Investigation Into Trump Dissolved

After completing its investigation, the special grand jury in Atlanta looking into if former President Trump and his associates broke any laws while attempting to reverse his Georgia 2020 electoral defeat moved closer to potential criminal charges for Trump and several others.

Special Grand Jury Dissolved

The panel’s supervisor, Fulton County Superior Court Judge Robert McBurney, dissolved the special grand jury in a two-page ruling on Monday, citing the completion of its duty and the submission of a final report.

The protracted inquiry is just one of many throughout the nation that might put Trump in legal danger as he launches a third presidential campaign.

Fani Willis, the district attorney for Fulton County, will decide whether to ask a normal grand jury to issue an indictment. Jeff DiSantis, a spokesman for Willis, stated the company had no comment regarding the panel’s job being completed.

The special grand jury suggested its findings be publicly disclosed, according to McBurney’s directive.

He announced a hearing will be held on Jan. 24 to decide if the findings must be disclosed in full or in part. Both the district attorney’s office and media companies will be given the chance to present their cases.

Several close Trump allies, like former New York mayor and Trump attorney Rudy Giuliani and Sen. Lindsey Graham of South Carolina, have testified before the special grand jury since June.

Numerous senior Georgia officials, including the governor and secretary of state, Brad Raffensperger, have also appeared.

The House committee looking into the Jan. 6, 2021 uprising claimed in its concluding report last month that Trump illegally participated in multiple conspiracies to tamper with the legitimate outcome of the 2020 presidential election.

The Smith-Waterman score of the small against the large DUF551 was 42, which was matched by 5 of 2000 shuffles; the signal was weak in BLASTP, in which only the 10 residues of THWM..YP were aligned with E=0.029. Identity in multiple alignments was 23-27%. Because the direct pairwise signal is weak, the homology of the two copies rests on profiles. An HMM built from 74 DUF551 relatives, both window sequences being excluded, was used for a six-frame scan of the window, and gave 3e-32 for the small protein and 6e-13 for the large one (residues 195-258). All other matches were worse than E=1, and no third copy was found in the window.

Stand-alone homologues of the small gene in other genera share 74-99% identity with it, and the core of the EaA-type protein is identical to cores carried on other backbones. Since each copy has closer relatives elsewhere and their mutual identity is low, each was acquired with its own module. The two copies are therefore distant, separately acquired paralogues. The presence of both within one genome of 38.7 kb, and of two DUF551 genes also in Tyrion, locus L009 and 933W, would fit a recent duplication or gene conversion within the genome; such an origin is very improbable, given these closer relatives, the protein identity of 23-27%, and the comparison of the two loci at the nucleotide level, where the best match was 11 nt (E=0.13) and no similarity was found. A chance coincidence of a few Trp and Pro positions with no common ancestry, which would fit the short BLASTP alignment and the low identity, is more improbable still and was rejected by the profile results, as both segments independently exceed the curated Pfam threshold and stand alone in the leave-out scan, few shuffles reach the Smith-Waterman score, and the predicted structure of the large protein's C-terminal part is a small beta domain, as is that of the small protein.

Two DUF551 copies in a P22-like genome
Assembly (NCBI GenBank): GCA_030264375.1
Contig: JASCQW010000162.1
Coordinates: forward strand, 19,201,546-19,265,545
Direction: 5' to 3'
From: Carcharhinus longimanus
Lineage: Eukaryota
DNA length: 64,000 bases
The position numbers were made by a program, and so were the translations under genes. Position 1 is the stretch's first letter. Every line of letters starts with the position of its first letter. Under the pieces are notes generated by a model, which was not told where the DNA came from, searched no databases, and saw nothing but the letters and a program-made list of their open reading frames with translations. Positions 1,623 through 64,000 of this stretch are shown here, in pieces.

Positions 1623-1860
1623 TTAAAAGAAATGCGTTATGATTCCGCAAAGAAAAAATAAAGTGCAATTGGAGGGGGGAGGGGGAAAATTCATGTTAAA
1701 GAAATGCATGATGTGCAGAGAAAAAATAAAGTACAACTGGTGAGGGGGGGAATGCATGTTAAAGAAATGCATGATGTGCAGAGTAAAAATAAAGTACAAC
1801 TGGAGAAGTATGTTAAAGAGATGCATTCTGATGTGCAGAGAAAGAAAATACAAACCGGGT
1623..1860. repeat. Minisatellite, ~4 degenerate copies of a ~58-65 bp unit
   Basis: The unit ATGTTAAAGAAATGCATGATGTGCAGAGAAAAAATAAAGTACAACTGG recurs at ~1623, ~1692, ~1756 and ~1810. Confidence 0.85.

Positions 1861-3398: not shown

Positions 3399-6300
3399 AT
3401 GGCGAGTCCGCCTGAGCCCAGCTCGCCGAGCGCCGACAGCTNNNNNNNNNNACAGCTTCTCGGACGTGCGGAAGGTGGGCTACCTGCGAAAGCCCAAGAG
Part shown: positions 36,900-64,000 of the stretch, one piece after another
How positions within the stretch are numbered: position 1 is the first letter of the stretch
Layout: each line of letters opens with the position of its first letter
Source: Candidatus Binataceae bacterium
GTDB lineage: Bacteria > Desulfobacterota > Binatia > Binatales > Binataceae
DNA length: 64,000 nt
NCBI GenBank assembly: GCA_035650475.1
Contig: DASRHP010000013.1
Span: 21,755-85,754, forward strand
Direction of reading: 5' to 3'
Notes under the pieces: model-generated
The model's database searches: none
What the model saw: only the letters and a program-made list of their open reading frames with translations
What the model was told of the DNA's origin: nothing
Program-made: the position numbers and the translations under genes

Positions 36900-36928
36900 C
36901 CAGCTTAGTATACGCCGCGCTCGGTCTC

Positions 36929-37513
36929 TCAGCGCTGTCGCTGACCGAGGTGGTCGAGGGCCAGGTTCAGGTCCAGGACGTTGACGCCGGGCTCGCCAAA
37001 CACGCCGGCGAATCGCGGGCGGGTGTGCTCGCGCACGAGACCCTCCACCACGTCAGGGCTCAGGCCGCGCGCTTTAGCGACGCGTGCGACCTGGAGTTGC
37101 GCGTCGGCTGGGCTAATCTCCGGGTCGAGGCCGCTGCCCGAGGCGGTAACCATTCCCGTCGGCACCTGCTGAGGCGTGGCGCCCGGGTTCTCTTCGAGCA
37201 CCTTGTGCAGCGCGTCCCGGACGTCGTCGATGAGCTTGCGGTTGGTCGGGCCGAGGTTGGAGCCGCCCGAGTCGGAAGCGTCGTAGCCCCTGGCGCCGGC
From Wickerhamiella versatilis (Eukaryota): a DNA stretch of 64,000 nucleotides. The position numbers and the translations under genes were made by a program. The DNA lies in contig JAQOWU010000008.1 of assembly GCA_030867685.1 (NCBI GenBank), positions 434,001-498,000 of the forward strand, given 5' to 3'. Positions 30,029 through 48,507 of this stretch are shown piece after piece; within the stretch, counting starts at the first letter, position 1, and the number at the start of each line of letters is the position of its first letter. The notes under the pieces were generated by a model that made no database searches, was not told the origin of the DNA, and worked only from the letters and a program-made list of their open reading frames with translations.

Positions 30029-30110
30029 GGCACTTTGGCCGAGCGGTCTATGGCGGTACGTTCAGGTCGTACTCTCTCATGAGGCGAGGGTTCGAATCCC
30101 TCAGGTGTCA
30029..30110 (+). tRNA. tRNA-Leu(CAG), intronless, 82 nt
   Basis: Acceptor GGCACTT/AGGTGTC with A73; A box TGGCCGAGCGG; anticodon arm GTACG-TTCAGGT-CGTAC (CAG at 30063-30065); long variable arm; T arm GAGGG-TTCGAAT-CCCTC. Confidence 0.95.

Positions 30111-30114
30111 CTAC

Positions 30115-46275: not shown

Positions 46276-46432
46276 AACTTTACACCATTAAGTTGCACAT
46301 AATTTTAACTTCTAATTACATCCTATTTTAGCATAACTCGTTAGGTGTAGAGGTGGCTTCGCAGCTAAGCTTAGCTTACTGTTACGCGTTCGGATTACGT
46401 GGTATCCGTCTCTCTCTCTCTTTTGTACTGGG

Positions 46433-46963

They also say he did nothing to stop his backers from storming the Capitol. The remarkable 18-month inquiry into the former president and the horrific assault was wrapped up in the report.

Georgia special grand juries are only allowed to deliver final recommendations for action, not indictments.

At the beginning of 2021, soon after a tape of a telephone conversation between Trump and Raffensperger on January 2, 2021 came to light, Willis launched the investigation.

In the conversation, the president made the implausible claim that the senior elections official in the state should “find” the votes required to reverse his defeat there.

Incriminating Phone Calls

Trump stated he only wanted to find 11,780 votes, which is more than he had.

Ever since, it’s become evident that Willis has been concentrating on a number of different issues, such as telephone calls by Trump and his supporters to Georgia authorities and false testimony given before Georgia legislative committees by Trump supporters.

He’s also been concentrating on a collective of 16 Republicans who signed a document falsely claiming Trump prevailed in the state and they were the rightful electors who’ve been “legitimately elected and qualified.”

This article appeared in The Patriot Brief and has been published here with permission.